Dunning says his formula for success is a philosophy he learned watching his mentor, Weitzman. at work. “Anyone can build bricks and mortar. Leasing and marketing is the real key. That’s the secret of the Miller company. Herb had the largest leasing staff in the Southwest. When you have an army of leasing agents, your projects are going to be filled before your competitors’,” he says.


In 1973, Dunning hired a hulking football player just out of Texas Tech to do site selection for the retail group’s development group. His name was Tom Brosseau. Standing six-foot-five and looking regal in his uniform of monogrammed white shirts, Brosseau now runs the retail development arm of the Swearingen Co.

“My grandmother used to tell us my older brother Chuck was going to grow up to be a doctor and my younger brother Phil was going to be an electrical engineer. She thought I would become a preacher. But I wanted to drink whiskey and smoke cigars like my uncle who was a wildcatter. So I ended up in real estate,” says the developer with ersatz irreverence.

Brousseau went to Tech on scholarship, working construction jobs to pay for his books and his rent. Unlike the other senior brokers, who had one goal-to work for the Henry S. Miller company-when they graduated from college, Brosseau almost went to work for Proctor & Gamble. “But when they made me see a film about their toilet bowl products, I knew P&G wasn’t for me,” he says with a ready laugh.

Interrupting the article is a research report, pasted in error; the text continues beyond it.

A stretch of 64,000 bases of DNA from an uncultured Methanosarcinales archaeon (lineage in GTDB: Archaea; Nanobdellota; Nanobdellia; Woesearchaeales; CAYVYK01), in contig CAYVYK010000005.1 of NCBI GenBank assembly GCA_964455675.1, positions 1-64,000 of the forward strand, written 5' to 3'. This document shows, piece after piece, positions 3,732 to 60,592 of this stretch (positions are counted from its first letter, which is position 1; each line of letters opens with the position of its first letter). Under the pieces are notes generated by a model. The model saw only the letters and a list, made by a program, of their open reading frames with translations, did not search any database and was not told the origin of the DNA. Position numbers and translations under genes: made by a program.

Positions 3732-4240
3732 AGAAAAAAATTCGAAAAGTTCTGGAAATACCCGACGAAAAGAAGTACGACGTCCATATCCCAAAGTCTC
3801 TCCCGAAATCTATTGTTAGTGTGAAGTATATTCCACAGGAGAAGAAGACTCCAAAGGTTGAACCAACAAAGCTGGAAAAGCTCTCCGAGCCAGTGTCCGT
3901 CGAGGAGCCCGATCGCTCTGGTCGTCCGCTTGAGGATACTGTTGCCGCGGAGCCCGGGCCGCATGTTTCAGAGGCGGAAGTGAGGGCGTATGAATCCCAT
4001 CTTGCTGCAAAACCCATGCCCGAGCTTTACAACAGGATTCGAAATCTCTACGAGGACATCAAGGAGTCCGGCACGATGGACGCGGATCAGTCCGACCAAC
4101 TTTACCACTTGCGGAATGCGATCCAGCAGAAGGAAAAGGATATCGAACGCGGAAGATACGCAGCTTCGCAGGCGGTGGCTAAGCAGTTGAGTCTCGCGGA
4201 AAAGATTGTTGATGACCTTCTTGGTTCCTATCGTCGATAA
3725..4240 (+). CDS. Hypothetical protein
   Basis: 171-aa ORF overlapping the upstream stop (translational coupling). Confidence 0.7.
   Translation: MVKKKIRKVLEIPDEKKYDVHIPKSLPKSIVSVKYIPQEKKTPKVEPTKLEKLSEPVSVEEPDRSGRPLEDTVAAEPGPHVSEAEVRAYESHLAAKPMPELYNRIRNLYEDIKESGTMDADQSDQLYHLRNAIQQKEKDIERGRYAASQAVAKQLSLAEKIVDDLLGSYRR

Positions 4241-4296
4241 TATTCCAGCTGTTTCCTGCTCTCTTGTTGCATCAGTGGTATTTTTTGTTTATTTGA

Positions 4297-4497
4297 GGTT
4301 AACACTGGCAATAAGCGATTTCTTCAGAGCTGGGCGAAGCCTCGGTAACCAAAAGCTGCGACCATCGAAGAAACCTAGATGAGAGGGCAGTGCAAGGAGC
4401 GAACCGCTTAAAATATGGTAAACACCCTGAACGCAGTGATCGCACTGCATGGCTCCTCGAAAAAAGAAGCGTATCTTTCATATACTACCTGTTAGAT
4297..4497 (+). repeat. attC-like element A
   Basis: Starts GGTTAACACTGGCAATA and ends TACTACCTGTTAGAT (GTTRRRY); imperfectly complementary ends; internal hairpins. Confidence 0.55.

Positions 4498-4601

The developer says he decided to go into real estate because “all the people driving Cadillacs were there. I decided that was for me.” So he learned to scout for sites for convenience-strip centers, getting his sea legs with Weitzman serving as the financial partner and Hopkins, Shafer, Dunning and Whitman as the development partners.

Once the exodus started in 1983, Brosseau decided it was his time, too. His brother Phil, one of the Swearingen Co.’s top land brokers, told Wayne Swearingen his older brother was about to go it on his own. “I needed a retail capability within our company,” recalls Swearingen. “I suggested a partnership because that way The Swearingen Co. could be money partners and own equities in retail properties without becoming experts in retail.”

So the deal was cut: Brosseau would go to work for Swearingen heading his retail leasing and brokerage division. And he would own 50 percent of the retail development company, which not only develops for its own account, but also for a fee on properties it does not own.